Summary

We propose that the response of ecosystems to global change, in particular increasing C02, will depend mainly on the extent to which plant species adjust to new conditions by plasticity or evolutionary change, which depends on genetic variation. We show that the possibility of extrapolating results of short-term experiments to long-term prediction depends on the relative importance of these two processes. Moreover, if genetic variation exists within species in the response to elevated C02, it will not be possible to predict evolutionary changes from heritability estimates made under present atmospheric conditions.

In a field experiment we grew genotypes of two closely related grassland perennials without competition and with competition at three levels of biodiversity under ambient and elevated levels of C02. The generalist P. vulgaris was genetically more variable but not more plastic than the specialist P. grandiflora and was at a relative disadvantage under elevated C02. Thus, the hypothesis that specialists should be replaced by generalists when the environment changes was not supported in the short term in this exemplary case study. Long-term predictions about the response to environmental change will, however, be difficult according to our result because P. grandiflora showed significant genetic variation in its response to increased C02, indicating that its long-term response cannot be predicted from heritability estimates made under present conditions. Furthermore, an effect of biodiversity on the growth of the two Prunella species was only visible at elevated C02, indicating that biodiversity may become more important as the environment changes.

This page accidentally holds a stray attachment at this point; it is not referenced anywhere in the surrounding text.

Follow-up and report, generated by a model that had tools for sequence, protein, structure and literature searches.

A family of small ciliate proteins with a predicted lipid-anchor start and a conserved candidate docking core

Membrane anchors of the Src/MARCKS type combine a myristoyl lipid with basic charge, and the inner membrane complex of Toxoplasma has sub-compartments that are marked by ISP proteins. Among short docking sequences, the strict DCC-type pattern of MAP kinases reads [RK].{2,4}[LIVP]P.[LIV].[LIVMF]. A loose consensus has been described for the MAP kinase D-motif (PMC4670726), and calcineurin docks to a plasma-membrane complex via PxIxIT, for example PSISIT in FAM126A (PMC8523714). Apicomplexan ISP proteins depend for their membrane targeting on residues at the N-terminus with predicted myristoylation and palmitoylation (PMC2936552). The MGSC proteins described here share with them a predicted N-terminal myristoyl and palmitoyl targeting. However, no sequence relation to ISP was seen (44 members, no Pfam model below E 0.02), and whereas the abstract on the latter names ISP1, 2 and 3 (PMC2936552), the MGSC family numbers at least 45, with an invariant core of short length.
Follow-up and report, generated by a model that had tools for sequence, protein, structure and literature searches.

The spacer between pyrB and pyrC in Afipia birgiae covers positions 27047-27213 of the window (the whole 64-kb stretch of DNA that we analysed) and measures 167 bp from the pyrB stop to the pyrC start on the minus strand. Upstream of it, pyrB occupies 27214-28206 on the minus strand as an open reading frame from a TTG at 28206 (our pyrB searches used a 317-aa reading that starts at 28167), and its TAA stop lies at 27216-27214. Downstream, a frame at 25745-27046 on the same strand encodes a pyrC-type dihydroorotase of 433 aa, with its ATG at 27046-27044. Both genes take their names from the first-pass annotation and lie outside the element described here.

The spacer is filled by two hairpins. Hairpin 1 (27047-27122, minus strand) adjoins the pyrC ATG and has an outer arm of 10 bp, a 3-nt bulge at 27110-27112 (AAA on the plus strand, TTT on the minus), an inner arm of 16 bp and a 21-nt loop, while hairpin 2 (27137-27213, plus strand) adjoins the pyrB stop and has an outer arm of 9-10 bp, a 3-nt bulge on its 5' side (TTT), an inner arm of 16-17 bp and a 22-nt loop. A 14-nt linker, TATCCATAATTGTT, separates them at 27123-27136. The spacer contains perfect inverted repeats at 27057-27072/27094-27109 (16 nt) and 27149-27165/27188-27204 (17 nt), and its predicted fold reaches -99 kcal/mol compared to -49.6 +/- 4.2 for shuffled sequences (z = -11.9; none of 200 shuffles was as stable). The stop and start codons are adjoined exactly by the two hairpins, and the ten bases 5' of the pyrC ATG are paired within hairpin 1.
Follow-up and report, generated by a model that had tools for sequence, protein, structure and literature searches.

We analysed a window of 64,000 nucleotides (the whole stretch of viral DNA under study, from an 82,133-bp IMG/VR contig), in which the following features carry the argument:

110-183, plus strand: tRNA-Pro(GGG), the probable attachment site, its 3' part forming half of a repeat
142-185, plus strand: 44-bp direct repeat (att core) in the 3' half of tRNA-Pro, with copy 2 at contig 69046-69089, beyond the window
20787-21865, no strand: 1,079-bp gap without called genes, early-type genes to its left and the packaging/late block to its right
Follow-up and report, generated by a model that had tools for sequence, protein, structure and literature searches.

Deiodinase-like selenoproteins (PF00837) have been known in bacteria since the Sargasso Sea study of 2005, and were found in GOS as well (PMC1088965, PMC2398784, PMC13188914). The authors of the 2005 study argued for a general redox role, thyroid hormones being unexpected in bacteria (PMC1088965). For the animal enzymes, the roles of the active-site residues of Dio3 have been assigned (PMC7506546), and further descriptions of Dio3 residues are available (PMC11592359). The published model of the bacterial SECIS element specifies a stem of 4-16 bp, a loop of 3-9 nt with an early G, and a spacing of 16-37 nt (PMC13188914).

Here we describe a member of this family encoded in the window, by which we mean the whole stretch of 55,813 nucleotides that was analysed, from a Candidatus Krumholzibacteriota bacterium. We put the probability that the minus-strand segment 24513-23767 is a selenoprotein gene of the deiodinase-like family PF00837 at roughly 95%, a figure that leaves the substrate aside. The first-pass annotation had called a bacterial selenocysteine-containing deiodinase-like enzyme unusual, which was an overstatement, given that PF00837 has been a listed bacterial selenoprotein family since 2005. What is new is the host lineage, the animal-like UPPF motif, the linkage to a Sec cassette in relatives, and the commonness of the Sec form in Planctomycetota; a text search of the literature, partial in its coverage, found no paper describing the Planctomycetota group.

The existence of large genetic variation within populations in ecologically relevant characters demonstrates that species cannot be considered as constants in ecosystem studies and global change models. Characters measured at the level of the individual may therefore be more promising indicators of ecosystem change than higher level characters.

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